Sexism, Discrimination: Wall Street’s Old Normal?

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July 3 (Bloomberg) -- Bloomberg’s Max Abelson examines Wall Street’s reputation as a discrimination lawsuit filed against Goldman Sachs alleges sexism and discrimination at the firm and looks at whether or not it represents a pervasive attitude on Wall Street. He speaks on “Bloomberg Surveillance.”

Million bonus.

These headlines are really sexy for media to talk about, of course, but what is the biggest distinction between the headlines we see now and five years ago?

When you put things in historical context, it makes things now seem less exciting.

Wall street 10 or 20 or 30 years ago was not exactly a good healthy place in some ways.

But it was a lot of fun.

To your point and alix's point, there was question of behavior.

It is not fun if you are a woman and you are feeling victimized by the culture.

It is a relatively old lawsuit going on for three or four years.

The two women who brought the lawsuit want to make it a class-action lawsuit.

There are court filings where they are asking the judge, we want to make this into a class-action suit?

Why would this be a game changer for goldman sachs?

It is a much bigger threat to goldman sachs than just from one or two people.

What i found interesting is that it has filings from women who worked at goldman sachs and they give first-person accounts of what it is like in the bank.

They give allegations and goldman sachs denies them.

But they describe, almost telling stories, about traders calling women bimbos or a former beauty pageant winner was brought in and the men world mocking her.

The men would go to strip clubs and would not ask the women out to socialize with them, and then when they would, they would mock them.

Does this have some traction, like some of the work that susan until a has done for bloomberg news, or is this just people looking for a payday?

What do the pros say about this specific case?

David wells obviously says, from lloyd blankfein, there is nothing here.

What do the pros say about this specific case?

Adam said he went to princeton and studied under -- which i did not know.

I think some people like you are more swayed by that and the cultural anecdotes.

Max, i want to know what the pros say about the specific case.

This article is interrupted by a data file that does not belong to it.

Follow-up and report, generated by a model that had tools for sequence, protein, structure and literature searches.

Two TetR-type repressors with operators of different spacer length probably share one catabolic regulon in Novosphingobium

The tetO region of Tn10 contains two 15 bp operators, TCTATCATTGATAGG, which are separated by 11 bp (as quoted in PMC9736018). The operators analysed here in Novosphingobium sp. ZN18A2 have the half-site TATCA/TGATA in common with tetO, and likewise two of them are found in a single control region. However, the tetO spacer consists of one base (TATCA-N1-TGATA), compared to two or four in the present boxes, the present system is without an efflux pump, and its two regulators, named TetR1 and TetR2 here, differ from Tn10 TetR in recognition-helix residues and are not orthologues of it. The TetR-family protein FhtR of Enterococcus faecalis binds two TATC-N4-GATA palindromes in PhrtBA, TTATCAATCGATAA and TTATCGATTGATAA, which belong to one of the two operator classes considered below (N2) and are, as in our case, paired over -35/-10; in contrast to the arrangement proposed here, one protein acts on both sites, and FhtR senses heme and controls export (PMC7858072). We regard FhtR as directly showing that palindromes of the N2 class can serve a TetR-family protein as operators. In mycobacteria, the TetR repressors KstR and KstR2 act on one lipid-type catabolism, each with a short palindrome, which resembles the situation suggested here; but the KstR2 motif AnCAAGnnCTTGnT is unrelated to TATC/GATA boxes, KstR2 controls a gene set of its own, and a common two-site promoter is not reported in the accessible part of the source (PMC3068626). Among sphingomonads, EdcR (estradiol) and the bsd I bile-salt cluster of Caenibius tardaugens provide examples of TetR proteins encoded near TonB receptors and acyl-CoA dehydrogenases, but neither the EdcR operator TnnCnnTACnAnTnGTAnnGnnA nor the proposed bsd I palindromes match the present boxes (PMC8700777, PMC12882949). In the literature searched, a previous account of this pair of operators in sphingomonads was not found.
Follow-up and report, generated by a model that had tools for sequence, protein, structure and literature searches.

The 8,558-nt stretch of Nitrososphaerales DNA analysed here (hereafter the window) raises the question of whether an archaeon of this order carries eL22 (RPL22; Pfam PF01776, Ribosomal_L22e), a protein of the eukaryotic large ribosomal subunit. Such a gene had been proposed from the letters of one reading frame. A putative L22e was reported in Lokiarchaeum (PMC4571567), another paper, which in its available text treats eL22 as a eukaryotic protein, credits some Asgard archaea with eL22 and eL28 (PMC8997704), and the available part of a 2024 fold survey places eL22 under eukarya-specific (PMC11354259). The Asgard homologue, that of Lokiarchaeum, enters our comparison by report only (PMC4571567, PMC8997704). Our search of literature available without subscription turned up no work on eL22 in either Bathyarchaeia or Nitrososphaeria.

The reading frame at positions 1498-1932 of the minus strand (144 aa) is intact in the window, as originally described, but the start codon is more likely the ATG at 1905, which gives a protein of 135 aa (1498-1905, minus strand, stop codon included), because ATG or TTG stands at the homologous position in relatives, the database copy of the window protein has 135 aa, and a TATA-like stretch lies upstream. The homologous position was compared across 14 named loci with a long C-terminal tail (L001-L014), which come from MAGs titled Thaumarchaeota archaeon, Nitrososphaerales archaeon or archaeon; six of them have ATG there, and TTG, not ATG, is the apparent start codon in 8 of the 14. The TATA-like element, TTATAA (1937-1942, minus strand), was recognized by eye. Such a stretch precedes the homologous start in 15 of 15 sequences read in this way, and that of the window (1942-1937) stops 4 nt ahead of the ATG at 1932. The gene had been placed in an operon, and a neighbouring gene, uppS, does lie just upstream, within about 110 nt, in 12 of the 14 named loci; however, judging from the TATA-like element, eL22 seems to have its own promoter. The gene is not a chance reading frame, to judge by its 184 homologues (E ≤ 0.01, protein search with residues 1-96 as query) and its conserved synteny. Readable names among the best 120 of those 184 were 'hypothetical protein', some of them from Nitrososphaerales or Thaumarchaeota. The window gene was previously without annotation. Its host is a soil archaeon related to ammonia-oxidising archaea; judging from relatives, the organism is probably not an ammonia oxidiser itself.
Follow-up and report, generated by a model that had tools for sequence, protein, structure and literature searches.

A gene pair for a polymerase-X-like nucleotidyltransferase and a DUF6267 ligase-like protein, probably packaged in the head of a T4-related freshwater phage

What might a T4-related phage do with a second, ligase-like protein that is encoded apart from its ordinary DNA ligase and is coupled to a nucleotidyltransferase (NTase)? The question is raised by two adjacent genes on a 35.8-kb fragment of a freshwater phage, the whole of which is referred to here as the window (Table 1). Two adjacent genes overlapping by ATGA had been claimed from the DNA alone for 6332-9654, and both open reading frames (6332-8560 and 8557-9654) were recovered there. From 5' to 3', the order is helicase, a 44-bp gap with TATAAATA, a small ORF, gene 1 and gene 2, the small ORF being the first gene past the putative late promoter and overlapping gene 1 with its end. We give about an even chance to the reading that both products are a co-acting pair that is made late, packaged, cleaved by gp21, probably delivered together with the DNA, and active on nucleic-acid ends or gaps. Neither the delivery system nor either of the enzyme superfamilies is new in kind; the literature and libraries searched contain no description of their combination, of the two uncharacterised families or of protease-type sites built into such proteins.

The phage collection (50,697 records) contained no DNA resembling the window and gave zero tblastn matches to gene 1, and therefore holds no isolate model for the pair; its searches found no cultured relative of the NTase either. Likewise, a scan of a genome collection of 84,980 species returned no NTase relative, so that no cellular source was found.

People took clients to a strip club?

I don't think lloyd blankfein would approve that.

I don't think that would get approved at goldman sachs.

But you are saying within your article that they did.

The princeton economist says women are paid less as vice president and associates, and the vice -- and the numbers are pretty stark.

It seems that the problem is more broad, and if you are asking about legal opinions, that may be more trouble.

How does that stack up against other banks?

Is goldman sachs really out on a limb here?

Goldman sachs certainly always seems to be the bank that comes up in headlines.

On the other hand, if you stopped and took a look at all the headlines with wall street banks, this one i am not sure is in the top three.

We are seeing one of the biggest banks in europe getting charged for clients doing deals with sudan and iran.

It seems like we are in this moment in global banking where these huge organizations in their different ways are doing things that are illegal and scary to people.

You made the point that there may be the evidence, according to a princeton economist, of pay disparity.

That is economic -- those are hard numbers and they are irrefutable.

That is a much different place from anecdotal he said/she said -- not to underplay that -- but speak to the severity of the pay discrepancy between men and women at goldman.

Goldman sachs, one person familiar with their strategy -- my sense is that goldman sachs says do not trust the statistics.

However, in the report we have, it lays out clearly that using statistical analysis of goldman sachs' vice president and associates from 2003 two 2011, women were paid 21% less than men, and were statistically less likely to be promoted even when they had the same types of employees.

That is wrong.

That i can understand.

That to me is crystal clear.

That is plain wrong.

Equal work, equal pay.

And when do we have the same talent leaving and where do they go?

Adam?

Coming up in the next hour,

This text has been automatically generated. It may not be 100% accurate.

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